Australia’s national women’s domestic 50-over tournament which is also called as the Women’s National Cricket League will kick start from January 30. It usually starts in September but there was a delay this time due to COVID-19. Seven teams will be participating and as many as 29 matches will be played with the final scheduled on March 27. All matches will be covered by cricket.com.au and the CA Live app. The grounds will be open to the general public to attend.
The winning team will be presented with the Ruth Preddey Cup. Western Australia is the current champion as the state won its first title last season. NSW Breakers has been the most successful team with 20 ‘Ruth’ championships.
The players have a lot to look forward to as there is a New Zealand tour coming up in March as well as the 50-over World Cup in 2022, also to be held in New Zealand.
Almost 3 postponements but finally Women’s National Cricket League is all set to begin from 30th Jan.
➡️30th Jan to 27th March 2021
— Female Cricket (@imfemalecricket) January 29, 2021
ACT Meteors: Maitlan Brown, Rebecca Carter, Zoe Cooke, Nicola Hancock, Erica Kershaw, Carly Leeson, Matilda Lugg, Katie Mack, Allison McGrath, Erin Osborne, Madeline Penna, Olivia Porter, Angela Reakes (c), Amy Yates
In: Rebecca Carter, Allison McGrath, Madeline Penna, Olivia Porter
Out: Anna Lanning (Victoria), Isabelle Afaras, Sarah Coyte, Claire Koski
NSW Breakers: Erin Burns, Stella Campbell, Lauren Cheatle, Maddy Darke, Hannah Darlington, Ashleigh Gardner*, Lisa Griffith, Rachael Haynes*, Alyssa Healy (c)*, Emma Hughes, Sammy-Jo Johnson, Anika Learoyd, Phoebe Litchfield, Hayley Silver-Holmes, Lauren Smith, Rachel Trenaman, Tahlia Wilson
In: Sammy-Jo Johnson (Queensland), Emma Hughes, Anika Learoyd
Out: Naomi Stalenberg (Tasmania), Sarah Aley (retired), Rene Farrell (retired), Saskia Horley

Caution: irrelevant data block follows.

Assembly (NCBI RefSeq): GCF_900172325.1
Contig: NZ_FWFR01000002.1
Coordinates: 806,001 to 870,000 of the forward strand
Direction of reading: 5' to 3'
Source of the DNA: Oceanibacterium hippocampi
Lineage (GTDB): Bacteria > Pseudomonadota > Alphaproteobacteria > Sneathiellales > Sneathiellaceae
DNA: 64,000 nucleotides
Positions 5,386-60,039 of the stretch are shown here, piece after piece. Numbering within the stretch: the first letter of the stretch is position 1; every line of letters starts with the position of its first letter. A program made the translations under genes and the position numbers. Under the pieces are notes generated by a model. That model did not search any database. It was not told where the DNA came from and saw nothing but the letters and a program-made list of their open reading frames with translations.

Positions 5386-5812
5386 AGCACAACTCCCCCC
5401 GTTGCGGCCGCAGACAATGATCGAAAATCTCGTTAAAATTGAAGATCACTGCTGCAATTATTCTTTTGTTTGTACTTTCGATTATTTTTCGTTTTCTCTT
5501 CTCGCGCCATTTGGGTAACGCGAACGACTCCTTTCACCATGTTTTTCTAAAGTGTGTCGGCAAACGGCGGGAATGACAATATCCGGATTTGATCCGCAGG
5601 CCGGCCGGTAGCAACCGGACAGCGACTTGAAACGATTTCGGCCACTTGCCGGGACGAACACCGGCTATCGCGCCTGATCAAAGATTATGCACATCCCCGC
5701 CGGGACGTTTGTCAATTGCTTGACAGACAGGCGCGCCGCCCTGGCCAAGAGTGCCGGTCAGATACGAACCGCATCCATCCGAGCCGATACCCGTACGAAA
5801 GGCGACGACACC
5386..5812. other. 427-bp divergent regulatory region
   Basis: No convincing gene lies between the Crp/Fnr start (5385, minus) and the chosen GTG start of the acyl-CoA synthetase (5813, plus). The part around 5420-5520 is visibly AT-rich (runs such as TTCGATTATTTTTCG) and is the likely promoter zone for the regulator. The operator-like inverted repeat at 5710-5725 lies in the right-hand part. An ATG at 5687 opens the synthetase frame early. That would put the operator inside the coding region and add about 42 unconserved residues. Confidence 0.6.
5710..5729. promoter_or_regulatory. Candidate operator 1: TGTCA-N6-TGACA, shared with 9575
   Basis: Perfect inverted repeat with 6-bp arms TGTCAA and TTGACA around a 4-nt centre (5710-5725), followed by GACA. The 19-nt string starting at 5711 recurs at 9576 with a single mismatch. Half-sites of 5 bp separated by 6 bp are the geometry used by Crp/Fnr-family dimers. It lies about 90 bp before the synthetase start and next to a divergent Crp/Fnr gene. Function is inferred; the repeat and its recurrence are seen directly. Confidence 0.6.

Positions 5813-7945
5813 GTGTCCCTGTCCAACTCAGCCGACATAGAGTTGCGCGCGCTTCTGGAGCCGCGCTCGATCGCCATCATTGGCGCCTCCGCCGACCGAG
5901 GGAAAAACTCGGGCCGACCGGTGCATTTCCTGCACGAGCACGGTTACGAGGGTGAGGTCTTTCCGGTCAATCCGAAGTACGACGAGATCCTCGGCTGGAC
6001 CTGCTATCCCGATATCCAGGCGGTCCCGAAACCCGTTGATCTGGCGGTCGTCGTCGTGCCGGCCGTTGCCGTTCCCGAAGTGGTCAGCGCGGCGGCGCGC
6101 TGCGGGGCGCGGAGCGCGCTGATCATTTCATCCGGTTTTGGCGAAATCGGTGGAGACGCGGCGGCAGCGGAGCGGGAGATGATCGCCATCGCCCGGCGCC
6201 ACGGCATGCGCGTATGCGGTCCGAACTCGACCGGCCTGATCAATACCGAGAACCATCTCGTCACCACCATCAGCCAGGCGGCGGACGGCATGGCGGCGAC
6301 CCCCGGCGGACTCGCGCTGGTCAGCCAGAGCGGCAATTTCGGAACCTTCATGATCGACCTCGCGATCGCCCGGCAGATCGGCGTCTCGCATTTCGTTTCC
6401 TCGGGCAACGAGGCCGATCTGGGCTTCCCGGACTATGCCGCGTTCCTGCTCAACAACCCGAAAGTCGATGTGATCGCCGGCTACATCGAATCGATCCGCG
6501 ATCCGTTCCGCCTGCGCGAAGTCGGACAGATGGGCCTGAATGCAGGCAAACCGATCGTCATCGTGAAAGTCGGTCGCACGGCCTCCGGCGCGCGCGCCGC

Queensland Fire: Tess Cooper, Meagan Dixon, Holly Ferling, Grace Harris, Mikayla Hinkley, Ellie Johnston, Jess Jonassen (c)*, Delissa Kimmince*, Laura Kimmince, Charli Knott, Caitlin Mair, Lilly Mills, Beth Mooney*, Georgia Prestwidge, Georgia Redmayne, Courtney Sippel, Georgia Voll
South Australia: Jemma Barsby, Sam Betts, Darcie Brown, Emma De Broughe, Eliza Doddridge, Josie Dooley, Ellie Falconer, Brooke Harris, Tahlia McGrath* Tegan McPharlin, Annie O’Neil, Bridget Patterson, Alex Price, Megan Schutt (c)*, Courtney Webb, Amanda-Jade Wellington
Tasmania: Chloe Abel, Samantha Bates, Nicola Carey*, Maisy Gibson, Heather Graham, Corrine Hall, Brooke Hepburn (c), Sasha Moloney, Meg Phillips, Rachel Priest, Amy Smith, Emily Smith, Naomi Stalenberg, Emma Thompson, Belinda Vakarewa
Victoria: Makinley Blows, Lucy Cripps, Sophie Day, Bhavisha Devchand, Elly Donald, Nicole Faltum, Tess Flintoff, Kim Garth, Zoe Griffiths, Anna Lanning, Meg Lanning (c)*, Sophie Molineux*, Courtney Neale, Ellyse Perry*, Molly Strano, Annabel Sutherland*, Elyse Villani, Amy Vine, Tayla Vlaeminck*, Georgia Wareham*
Western Australia: Megan Banting, Nicole Bolton, Zoe Britcliffe, Mathilda Carmichael, Piepa Cleary, Sheldyn Cooper, Ashley Day, Amy Edgar, Molly Healy, Alana King, Emma King, Taneale Peschel, Chloe Piparo (c), Georgia Wyllie
*Denotes a Cricket Australia contracted player
The article is sourced from www.cricket.com.au
I am a former cricketer having represented Mumbai University at All India University level. I was a part of MCA probables for the U-19 and U-23 age group. I have been an avid cricket writer for the last five years. Currently I am pursuing my Ph.D from IIT Bombay.